Gretchen had returned in the early afternoon, and she spent the afternoon alternating between watching teevee and preparing food for the big party we'd be having here at our house on Sunday afternoon. Meanwhile I was doing a few little cleanup-related and home-maintenance-related tasks. After stubbing my big right toe on the top of a tiny finishing nail that had been foolishly used to attach the decking to the east deck, I went around with a claw hammer and pulled out as many such nails as I could find. Then I walked around with a screw gun installing fresh new deck screws as replacements. One of the planks on the north end of the deck had warped so badly it had snapped the head off the deck screw I'd used to secure it many years earlier. So, using my bare foot, I put the weight of my body on the warped board while trying to install a brand new deck screw. But then it happened, the phillips point of the screw gun slipped out of the screw head and slammed down into the top of my foot just a short ways upstream from the gap between my left pinkie toe and the my left "right" toe. I immediately stopped the power to the screw gun, but not before it had torqued a deep quarter-inch-wide hole. Somewhat surprisingly, the hole didn't immediately start gushing blood and it was much less painful than I would have expected. Evidently the spinning phillips screw bit had somehow worked its way down into my foot while pushing plumbing, nerves, and other sensitive things out of the way. Not knowing what else to do, I dumped some hydrogen peroxide on the injury, squirted on some antibacterial salve, and wrapped it in bandages.
This evening, Gretchen and I drove out to Olive Bridge to participate in the first annual "Summer Hoot." Some weeks ago Gretchen had talked to either Ruthy or Mike (the duo who had arranged the event) and been asked to provide food for the artists in exchange for free admission. So of course she'd gone all out and made a big tray of vegan mac & cheese and another of vegan brownies.
The Summer Hoot was being run like a tiny version of Bonnaroo. There was first aid tent and a couple of guys in orange vests directing cars in a big open field. It being the first night of a festival with no history, there were only a few dozen cars in that field, but the system in place seemed capable of parking many hundreds.
The Hoot was being held at a place called the Ashokan Center, a large (300 plus acre) complex that used to belong to SUNY New Paltz. It occupies the site of an old mill that had been powered by the nearby Esopus (which occupies a gorge in the back, just downstream from the Ashokan Reservoir). There are numerous old buildings and considerable open space. The story is that before funds were raised for the Ashokan Center, the plan had been to raise all the buildings and then, well, who can say. A lot of the money for the Ashokan Center was raised by folk-music power-couple Jay Ungar and Molly Mason (whose daughter, Ruthy, is half of Ruth & Mike, the couple who started the Summer Hoot).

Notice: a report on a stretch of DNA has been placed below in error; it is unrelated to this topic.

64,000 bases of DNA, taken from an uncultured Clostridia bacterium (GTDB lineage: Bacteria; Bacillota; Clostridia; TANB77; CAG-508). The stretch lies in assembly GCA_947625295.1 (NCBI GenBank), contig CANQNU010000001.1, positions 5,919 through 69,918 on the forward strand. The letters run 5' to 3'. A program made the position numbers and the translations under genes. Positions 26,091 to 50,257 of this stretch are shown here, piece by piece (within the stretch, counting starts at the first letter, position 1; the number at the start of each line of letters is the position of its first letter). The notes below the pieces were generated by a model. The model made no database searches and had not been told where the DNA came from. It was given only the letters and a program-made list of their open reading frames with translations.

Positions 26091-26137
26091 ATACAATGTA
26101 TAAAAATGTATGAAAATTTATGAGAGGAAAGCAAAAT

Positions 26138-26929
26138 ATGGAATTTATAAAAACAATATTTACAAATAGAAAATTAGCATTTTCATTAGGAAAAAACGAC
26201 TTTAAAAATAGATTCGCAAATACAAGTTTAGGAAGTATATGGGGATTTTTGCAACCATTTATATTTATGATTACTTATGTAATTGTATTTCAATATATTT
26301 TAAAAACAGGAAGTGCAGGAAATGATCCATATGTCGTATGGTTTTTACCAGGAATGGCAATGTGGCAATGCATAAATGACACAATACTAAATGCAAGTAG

After dropping off the food and chit-chatting with the various Hoot staffers in the building that had been set-aside as a hangout for the musicians, we went outside and ended up stuck in the vortex of one of Gretchen's distant friends who likes to talk about her problems but doesn't like to either listen or to explain her problems sufficiently for those who aren't familiar with them to derive any understanding of the things she is saying. That went on for something like a half hour, but eventually we were saved by Mike and Ruthy taking the stage and beginning to play (he on guitar, she on fiddle, both of them sing). At that point we relocated to the side of "Hoot Hill" and listened. It was an hour-long performance and almost perfectly-suited to my serene mood. I often find myself being fidgety and bored when music isn't exactly of my preferred type, but somehow this folksy stuff about love and nostalgia just worked. There was even a poignant moment when Ruthy could barely make it through a song because she'd started to cry.
Mike and Ruthy had managed to assemble a respectable lineup for the Hoot, including the likes of AC Newman, Natalie Merchant, and even Pete Seeger. AC Newman (most famous, perhaps, as the better-sounding male voice in the New Pornographers) is the closest thing to a rock star we've ever had over for dinner at our house (unless Peter Schickele counts). He's an odd choice for the Hoot, given that he's more alternative rock than folk. Odder still, though, was something he told us on our way to look for beer: his backup band tonight would be Mike & Ruthy.
Concessions at the Hoot were clustered in a small field below and south of the stage, very near the edge of the Esopus gorge. Unfortunately, beer could only be drunk in the "beer garden" (with an exception for musicians such as AC Newman). Not wanting to settle down quite yet, we walked around to look at the other concessions. For some reason one of these included a blacksmith given to launching into extended metallurgical lecturers. He also teaches one-on-one blacksmithing classes at an affordable $200 for 12 hours (though he says few can do it for more than a few hours).
We eventually found our way to the tamale concession, where I made the mistake of ordering the vegan jumbalaya from the nice southern gentlewoman running it. The jumbalaya was full of vegetables that I don't much like such as sweet potato, although adding lots of habañero seemed to help. We ate our food in the beer garden. Unfortunately, the only beers available were my two least-favorite Keegan Ales: Old Capitol and Mother's Milk. I went for the former, which can be described as a very good alternative to Budweiser.
By now the sun had set and it was getting a bit cold for the way we were dressed, so we called it a night. We'll never know how AC Newman sounded with Mike & Ruthy as his band.